Sunday, July 24, 2011


DeKalb, Illinois - home of the World's First Barbed Wire Factory (1874) and birthplace of the world famous supermodel Cindy Crawford. It is sort of fitting to the expression, "The rose between two thorns".

The mural looks like a painting of a party at the Ellwood House, built in 1879 by the barbed wire baron Isaac L. Ellwood. The Victorian mansion has a three-story spiral staircase and overwhelming chandeliers to match the mahogany-paneled vast dining room.

Whether because we were so hungry that we considered it was one of the best breakfasts on this trip at the Lincoln Inn (opened in the 1950s). The Inn is famous for its freshly baked bread, six different kinds, white, cracked wheat, pumpernickel, rye sourdough, Texas and English muffin. The servers were so friendly, especially Eileen who talked to us as if we were sitting at her kitchen table and not at a restaurant.

Back in late 1800s, DeKalb, Illinois was known as "The Barbed Wire Capital of the World". In 1874, Joseph Glidden (the gentleman in center) patented his improved barbed wire and made a fortune thanks to the high demand from every ranchers outwest needing the barbed wire to keep their cattles confined as well as marking their property lines, ended the era of the open range and the castle drive.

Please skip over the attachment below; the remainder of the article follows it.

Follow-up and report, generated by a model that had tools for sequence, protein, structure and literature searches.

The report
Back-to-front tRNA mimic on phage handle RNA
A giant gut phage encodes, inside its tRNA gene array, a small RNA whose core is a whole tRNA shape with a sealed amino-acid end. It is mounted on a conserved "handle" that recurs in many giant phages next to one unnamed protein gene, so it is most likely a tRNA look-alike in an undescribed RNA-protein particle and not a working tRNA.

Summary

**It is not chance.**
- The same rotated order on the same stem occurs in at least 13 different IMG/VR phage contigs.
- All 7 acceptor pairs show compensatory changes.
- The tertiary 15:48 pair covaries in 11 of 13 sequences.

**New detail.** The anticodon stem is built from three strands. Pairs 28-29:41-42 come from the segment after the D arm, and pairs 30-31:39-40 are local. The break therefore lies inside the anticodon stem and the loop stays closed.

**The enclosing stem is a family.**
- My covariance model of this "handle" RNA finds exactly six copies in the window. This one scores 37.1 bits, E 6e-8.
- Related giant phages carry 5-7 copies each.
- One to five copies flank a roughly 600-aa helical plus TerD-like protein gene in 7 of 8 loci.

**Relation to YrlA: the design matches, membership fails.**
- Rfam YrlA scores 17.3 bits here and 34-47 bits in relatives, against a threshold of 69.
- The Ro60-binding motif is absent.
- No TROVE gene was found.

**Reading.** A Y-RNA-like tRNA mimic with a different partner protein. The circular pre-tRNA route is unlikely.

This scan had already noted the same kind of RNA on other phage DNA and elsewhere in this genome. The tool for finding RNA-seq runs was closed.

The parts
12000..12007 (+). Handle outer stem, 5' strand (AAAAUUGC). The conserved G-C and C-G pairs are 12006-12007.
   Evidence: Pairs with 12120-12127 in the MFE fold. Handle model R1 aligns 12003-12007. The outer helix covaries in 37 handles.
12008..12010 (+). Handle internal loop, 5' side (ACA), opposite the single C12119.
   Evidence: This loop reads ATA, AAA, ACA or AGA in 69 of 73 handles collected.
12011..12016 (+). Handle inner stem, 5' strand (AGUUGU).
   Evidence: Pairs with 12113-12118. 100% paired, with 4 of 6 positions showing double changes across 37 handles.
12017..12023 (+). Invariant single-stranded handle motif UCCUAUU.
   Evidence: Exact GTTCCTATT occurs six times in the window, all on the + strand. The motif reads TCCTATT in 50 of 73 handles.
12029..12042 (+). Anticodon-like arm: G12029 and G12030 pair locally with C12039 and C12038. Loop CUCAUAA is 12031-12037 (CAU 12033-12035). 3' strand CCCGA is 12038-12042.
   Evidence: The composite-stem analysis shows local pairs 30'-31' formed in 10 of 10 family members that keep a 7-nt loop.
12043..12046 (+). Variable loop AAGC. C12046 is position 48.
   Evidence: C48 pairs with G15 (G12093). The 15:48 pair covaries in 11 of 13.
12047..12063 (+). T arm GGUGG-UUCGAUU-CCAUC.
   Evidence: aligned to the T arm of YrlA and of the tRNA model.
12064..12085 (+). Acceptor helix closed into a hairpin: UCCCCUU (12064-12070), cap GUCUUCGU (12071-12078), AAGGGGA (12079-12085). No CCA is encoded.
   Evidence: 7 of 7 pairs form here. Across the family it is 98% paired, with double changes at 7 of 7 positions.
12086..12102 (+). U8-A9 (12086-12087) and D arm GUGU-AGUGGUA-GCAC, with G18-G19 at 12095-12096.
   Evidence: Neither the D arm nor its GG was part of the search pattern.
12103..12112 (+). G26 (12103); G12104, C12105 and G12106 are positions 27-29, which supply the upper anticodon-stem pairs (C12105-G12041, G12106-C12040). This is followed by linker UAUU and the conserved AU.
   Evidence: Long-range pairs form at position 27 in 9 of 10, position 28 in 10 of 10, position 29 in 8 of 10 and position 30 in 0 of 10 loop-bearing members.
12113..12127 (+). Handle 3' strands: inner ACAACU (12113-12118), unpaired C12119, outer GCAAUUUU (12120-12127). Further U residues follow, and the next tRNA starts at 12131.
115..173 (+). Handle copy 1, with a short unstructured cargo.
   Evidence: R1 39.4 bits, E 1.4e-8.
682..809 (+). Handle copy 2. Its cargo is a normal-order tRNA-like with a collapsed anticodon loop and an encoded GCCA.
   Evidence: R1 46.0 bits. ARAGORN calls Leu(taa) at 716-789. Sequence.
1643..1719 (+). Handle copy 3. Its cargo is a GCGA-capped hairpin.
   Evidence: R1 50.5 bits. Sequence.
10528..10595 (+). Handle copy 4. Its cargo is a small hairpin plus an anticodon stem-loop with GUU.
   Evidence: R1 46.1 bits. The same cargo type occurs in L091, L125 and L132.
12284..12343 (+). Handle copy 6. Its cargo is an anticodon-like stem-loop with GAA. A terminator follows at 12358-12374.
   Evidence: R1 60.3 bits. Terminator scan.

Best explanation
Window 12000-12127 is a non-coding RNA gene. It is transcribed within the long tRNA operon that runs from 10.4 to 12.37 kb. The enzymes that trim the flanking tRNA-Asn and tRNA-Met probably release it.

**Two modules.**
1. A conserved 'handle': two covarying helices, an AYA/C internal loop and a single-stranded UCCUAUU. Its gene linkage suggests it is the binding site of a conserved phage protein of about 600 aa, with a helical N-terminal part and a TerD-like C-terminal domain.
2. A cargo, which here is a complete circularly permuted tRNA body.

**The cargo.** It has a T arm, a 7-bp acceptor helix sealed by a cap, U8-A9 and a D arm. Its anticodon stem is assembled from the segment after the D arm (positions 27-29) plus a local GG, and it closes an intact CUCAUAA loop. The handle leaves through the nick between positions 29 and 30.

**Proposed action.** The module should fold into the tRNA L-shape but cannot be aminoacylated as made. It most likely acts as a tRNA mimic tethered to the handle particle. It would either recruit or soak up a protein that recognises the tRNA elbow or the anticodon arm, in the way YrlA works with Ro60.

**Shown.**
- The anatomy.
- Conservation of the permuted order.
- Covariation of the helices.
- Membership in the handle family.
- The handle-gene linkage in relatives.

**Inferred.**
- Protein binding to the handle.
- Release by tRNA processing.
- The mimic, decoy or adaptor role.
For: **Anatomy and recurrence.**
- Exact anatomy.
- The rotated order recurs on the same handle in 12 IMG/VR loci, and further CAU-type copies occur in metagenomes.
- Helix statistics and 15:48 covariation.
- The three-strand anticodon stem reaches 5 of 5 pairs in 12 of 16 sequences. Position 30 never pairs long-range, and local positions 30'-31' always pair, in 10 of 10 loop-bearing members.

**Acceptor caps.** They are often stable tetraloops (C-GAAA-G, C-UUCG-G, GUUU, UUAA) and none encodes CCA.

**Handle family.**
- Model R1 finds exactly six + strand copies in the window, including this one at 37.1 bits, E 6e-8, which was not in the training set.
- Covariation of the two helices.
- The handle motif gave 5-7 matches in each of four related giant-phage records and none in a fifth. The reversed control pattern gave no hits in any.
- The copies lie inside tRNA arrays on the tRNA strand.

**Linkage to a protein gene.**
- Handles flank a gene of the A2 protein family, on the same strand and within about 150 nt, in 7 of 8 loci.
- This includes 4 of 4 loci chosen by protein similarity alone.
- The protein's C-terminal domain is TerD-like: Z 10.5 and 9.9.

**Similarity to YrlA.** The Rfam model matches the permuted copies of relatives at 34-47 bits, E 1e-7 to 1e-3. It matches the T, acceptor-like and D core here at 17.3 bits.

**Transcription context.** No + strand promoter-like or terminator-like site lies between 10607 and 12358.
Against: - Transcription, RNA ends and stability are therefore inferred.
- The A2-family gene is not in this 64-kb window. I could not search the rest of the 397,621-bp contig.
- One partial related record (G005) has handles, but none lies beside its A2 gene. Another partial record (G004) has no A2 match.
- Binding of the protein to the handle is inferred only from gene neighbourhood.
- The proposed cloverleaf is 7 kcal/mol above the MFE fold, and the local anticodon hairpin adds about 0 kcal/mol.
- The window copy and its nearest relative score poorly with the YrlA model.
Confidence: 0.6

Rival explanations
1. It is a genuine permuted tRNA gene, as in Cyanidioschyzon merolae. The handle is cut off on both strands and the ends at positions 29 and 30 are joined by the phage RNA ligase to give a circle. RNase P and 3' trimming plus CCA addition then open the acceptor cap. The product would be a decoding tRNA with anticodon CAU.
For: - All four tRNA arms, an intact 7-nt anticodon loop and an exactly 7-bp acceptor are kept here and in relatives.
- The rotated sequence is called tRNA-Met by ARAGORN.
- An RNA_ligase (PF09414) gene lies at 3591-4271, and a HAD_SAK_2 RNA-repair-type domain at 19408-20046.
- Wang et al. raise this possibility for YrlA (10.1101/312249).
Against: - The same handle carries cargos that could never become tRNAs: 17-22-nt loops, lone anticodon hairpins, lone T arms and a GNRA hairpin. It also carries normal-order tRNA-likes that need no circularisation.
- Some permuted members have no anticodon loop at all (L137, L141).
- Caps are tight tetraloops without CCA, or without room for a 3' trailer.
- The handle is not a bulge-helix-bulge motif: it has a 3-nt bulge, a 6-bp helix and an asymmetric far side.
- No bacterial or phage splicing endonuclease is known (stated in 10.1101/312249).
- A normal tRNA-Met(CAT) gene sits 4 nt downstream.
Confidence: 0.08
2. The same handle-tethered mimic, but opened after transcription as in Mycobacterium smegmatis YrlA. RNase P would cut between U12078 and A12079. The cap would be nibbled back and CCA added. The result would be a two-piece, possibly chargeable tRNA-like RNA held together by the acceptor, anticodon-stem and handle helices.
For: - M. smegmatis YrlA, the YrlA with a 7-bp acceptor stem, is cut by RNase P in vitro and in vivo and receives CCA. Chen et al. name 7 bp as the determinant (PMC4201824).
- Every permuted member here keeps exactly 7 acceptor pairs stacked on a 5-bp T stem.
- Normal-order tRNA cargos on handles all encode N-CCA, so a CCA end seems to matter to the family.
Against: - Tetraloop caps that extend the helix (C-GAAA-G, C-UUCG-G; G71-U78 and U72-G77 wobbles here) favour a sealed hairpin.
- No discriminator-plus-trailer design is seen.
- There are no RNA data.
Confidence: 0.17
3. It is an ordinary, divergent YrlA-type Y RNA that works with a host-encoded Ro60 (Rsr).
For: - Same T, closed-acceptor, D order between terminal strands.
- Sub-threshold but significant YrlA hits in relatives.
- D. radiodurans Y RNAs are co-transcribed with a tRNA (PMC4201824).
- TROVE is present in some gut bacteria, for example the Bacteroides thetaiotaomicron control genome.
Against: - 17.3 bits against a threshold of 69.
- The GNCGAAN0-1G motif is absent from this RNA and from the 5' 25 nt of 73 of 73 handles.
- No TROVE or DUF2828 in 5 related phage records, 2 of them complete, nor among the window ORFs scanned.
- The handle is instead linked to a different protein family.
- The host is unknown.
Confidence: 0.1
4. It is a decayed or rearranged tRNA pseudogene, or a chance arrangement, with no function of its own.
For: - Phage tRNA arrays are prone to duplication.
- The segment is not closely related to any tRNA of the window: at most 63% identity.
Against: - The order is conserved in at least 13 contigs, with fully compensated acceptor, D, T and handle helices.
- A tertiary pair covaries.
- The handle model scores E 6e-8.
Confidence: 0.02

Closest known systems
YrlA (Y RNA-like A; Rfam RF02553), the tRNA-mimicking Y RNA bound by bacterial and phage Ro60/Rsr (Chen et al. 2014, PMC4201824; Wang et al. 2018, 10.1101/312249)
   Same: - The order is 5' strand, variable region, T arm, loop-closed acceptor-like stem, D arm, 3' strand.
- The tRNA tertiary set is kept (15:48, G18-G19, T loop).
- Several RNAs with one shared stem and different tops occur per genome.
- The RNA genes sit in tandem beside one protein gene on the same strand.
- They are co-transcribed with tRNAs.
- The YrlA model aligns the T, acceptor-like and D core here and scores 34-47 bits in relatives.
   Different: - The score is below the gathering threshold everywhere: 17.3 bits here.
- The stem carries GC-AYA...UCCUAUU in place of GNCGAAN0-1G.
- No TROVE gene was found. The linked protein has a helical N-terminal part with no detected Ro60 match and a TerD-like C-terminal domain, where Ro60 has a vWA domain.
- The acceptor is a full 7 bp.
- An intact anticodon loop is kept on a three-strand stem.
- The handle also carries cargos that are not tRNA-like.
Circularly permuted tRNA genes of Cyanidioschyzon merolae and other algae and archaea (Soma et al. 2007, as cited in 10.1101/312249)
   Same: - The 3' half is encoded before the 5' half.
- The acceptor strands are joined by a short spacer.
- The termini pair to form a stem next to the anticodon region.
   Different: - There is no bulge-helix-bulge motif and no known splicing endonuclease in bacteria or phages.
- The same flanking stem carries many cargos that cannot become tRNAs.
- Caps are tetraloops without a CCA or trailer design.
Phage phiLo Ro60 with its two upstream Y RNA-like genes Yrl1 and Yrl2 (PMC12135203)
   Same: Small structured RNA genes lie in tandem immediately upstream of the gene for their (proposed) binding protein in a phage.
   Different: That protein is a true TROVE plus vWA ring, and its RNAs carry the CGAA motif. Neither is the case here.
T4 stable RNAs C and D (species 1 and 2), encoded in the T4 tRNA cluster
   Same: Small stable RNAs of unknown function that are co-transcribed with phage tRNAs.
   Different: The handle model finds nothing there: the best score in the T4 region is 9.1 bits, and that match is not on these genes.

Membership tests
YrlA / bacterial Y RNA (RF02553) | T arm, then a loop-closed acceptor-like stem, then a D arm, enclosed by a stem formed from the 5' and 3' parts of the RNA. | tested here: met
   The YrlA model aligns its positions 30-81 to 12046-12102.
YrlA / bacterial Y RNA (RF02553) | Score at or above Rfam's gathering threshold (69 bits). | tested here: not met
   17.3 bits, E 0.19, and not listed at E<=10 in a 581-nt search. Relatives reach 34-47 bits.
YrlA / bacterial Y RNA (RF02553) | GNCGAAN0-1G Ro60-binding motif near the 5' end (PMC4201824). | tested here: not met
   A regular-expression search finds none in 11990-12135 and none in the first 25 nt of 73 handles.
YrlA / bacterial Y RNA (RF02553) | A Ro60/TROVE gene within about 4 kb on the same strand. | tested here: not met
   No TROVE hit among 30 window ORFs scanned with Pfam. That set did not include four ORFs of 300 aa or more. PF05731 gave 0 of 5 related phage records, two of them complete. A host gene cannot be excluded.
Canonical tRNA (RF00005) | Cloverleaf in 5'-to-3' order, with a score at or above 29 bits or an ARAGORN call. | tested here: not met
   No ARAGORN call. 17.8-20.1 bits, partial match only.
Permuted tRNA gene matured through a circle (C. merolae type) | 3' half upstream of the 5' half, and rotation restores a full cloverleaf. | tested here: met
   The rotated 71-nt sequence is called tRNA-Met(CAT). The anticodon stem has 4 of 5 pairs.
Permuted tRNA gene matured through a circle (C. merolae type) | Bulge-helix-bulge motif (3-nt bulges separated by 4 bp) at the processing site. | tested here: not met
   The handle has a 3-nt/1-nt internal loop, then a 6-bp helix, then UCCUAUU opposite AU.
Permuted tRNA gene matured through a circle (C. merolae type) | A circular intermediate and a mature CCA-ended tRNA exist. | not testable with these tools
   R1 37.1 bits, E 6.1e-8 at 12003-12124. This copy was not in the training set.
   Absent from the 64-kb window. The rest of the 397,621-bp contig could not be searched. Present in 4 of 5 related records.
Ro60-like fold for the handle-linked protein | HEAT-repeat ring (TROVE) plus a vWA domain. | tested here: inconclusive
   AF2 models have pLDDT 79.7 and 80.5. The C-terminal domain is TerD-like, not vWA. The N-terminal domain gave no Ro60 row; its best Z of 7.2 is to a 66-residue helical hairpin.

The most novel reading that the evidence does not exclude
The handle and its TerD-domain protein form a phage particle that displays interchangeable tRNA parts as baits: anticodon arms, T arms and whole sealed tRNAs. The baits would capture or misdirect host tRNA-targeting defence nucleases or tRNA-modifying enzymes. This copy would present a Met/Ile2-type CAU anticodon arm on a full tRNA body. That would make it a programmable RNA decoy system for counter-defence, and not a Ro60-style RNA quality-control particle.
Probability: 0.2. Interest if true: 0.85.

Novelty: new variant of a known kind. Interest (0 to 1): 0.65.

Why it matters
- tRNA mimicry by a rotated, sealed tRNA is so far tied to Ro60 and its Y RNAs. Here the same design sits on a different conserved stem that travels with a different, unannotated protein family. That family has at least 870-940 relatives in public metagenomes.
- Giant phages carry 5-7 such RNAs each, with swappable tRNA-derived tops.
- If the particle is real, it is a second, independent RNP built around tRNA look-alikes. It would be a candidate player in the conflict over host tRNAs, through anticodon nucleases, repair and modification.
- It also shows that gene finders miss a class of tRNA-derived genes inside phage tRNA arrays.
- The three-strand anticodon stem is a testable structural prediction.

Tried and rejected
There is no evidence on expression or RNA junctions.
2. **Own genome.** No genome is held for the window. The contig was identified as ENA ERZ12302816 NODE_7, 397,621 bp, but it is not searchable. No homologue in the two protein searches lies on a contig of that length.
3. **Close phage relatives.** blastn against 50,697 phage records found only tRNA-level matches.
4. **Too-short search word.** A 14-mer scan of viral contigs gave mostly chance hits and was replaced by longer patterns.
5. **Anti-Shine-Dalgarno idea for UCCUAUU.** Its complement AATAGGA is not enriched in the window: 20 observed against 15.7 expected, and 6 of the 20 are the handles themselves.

It was interesting that even though Cindy Crawford (the world famous supermodel) graduated from DeKalb High School (she was a valedictorian - beauty and brain - wow!), there was no mention anywhere about the famous hometown girl.

With the extra money from selling more than 50 million lbs of barbed wire every year, Isaac Ellwood built the Little House, a charming Victorian-era playhouse for his little daughter. The House has a bedroom with a child size bed, a tea room and a playroom that includes a doll house.

After breakfast at the Lincoln Inn, we had about 45 minutes before Mass at St. Mary. There was an art and craft show on the ground of the Ellwood House. We walked around admiring the many fine creations by local artists.

I should have posted the image of the mural immediately before or after the above photo so the readers would see that it was the Ellwood House in the painting. I am not sure if I would want to live in such a big house. Would you like to live in a mansion with servants attend to your every little requests?

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